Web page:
These key combinations apply only to Mac computers with an Intel processor.
- Get an external hard drive that has at least 12 GB of available storage and plug it in your Mac.
- Launch the Disk Utility app and erase your hard drive selecting Mac OS Extended format.
- Open Terminal (Applications > Utilities).
- Paste this command and press Enter:
sudo /Applications/Install\ macOS\ Catalina.app/Contents/Resources/createinstallmedia --volume /Volumes/MyVolume
- If prompted, enter your administrator password and press Enter again.
- When Terminal says “done”, your hard drive should have the same name as the installer you downloaded (for example, Install macOS Catalina).
- Open System Preferences > Startup Disk. Choose your bootable installer as a startup disk and press Restart.
- Your Mac should start up to macOS Recovery.
- Make sure your Mac has an internet connection to download firmware updates (you can use the Wi-Fi menu in the menu bar).
- In the Utilities window, select Install macOS.
- Your Mac will then start installing macOS Catalina and will restart when it’s done.
This should attempt to install all available updates, and will log errors to /var/log/install.log
sudo softwareupdate --dump-state -i -a
Important: We have a current backup of your Mac.
Now type in the following commands into Terminal, in the exact order they are shown:
sudo mdutil -i off / sudo mdutil -i on / sudo mdutil -E /
The first command turns spotlight off
The second command turns spotlight back on
The final command restarts the spotlight index.
If, after a few minutes, spotlight is still not indexing, try running this command, followed by the three commands above:
sudo rm -rf /.Spotlight-V100
Send this commands via terminal:
rm -rf ~/Library/Caches/* rm -rf ~/Library/Saved\ Application\ State/* sudo rm -rf /Library/Caches/* sudo rm -rf /System/Library/Caches/* atsutil databases -removeUser sudo atsutil databases -remove sudo atsutil server -shutdown sudo atsutil server -ping sudo rm -rf /var/folders/*
diskutil verifyPermissions /
diskutil repairPermissions /
The issue that makes Time Machine more difficult in terms of options for backup locations is that it requires use of Apple’s proprietary HFS+ filesystem. Although I’m certain the HFS+ features that Time Machine uses for file versioning and linking could be “mimicked” for use on other more open filesystems, the reality is that Apple chose HFS+ and supports that filesystem exclusively in Time Machine (in fact as of this writing Apple’s new APFS isn’t even supported for Time Machine backups as of yet).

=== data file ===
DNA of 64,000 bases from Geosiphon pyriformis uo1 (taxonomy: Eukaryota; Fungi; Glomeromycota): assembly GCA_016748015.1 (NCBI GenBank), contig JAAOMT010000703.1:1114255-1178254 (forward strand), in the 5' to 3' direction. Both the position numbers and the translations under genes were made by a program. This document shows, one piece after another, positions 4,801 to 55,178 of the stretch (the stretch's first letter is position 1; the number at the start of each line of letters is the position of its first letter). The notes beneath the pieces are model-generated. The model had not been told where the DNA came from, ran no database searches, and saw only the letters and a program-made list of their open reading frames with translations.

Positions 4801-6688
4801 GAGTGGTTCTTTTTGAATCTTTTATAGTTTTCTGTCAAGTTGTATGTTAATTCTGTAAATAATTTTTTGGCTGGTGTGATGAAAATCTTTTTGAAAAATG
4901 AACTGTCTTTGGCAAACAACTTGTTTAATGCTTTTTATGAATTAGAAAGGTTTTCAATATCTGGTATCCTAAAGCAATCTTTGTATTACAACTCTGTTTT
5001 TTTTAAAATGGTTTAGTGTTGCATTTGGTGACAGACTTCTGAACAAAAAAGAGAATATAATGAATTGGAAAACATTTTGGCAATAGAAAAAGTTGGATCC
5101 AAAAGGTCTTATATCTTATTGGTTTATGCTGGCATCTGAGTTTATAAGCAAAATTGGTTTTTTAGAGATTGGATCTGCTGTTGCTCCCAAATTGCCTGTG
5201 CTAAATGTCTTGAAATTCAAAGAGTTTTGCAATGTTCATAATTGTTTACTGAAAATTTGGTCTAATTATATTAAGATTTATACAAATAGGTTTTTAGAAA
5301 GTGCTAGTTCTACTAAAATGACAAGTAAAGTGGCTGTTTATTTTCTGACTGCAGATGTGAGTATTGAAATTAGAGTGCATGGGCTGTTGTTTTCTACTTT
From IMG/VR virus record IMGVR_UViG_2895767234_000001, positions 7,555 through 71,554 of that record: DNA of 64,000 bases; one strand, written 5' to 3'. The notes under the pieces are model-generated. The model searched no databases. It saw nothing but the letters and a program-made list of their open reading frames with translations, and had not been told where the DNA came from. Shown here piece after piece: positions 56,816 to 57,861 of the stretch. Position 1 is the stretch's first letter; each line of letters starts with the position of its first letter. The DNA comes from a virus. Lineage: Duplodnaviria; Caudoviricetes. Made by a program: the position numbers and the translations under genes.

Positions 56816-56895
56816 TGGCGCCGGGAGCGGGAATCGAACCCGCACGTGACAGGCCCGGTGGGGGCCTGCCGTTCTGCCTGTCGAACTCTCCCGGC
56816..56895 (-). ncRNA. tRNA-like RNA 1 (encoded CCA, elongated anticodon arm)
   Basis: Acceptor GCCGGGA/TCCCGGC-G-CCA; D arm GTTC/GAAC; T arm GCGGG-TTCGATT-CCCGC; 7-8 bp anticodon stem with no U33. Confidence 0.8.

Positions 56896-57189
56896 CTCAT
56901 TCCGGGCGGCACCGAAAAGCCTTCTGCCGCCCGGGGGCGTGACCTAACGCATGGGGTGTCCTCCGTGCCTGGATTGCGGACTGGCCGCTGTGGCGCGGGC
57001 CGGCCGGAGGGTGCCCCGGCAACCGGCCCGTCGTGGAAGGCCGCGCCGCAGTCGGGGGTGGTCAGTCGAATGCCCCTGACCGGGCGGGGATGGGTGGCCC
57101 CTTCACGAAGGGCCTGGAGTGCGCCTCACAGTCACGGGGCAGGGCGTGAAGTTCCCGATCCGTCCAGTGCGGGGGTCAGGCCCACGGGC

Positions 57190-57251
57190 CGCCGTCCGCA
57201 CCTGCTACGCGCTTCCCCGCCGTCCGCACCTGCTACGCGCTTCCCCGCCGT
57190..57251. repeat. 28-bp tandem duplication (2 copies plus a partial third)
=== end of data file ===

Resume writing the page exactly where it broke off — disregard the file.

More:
- Create a Windows share location
- Make the remote share automatically mount
- make Time Machine use the remote share and file
- Check Time Machine
To get a list of available software updates, type the following command:
You will see a list of available updates. You can then install all available software updates with the following command:
sudo softwareupdate -iva
The use of sudo is required to get superuser privileges to actually install the updates. You can also install only the recommended updates with:
sudo softwareupdate -irv
Launch Terminal app in your /Applications/Utilities folder.
Time Machine on or off
sudo tmutil enable sudo tmutil disable
Run a Time Machine backup
Stop a backup
You can try booting from OS X recovery by holding CMD + R at the time of startup. Once booted from OS X recovery, select Terminal from the utilities and then at the unix prompt enter:
- diskutil list
- then press return and look for the disk identifier and enter the following command with the disk identifier
sudo diskutil unmountDisk /dev/(enter here disk identifier name)
- Press return and enter your admin password if prompted. This should unmount all volumes of the physical drive.
- If still the above method didn’t work, then the last option is to force the entire disk to unmount.
- For that using the terminal application again, enter the following command:
sudo diskutil unmount force /dev/(enter here disk identifier name)
- Then press return and enter the admin password if prompted. This will definetely unmount the entire disk and all its related volume.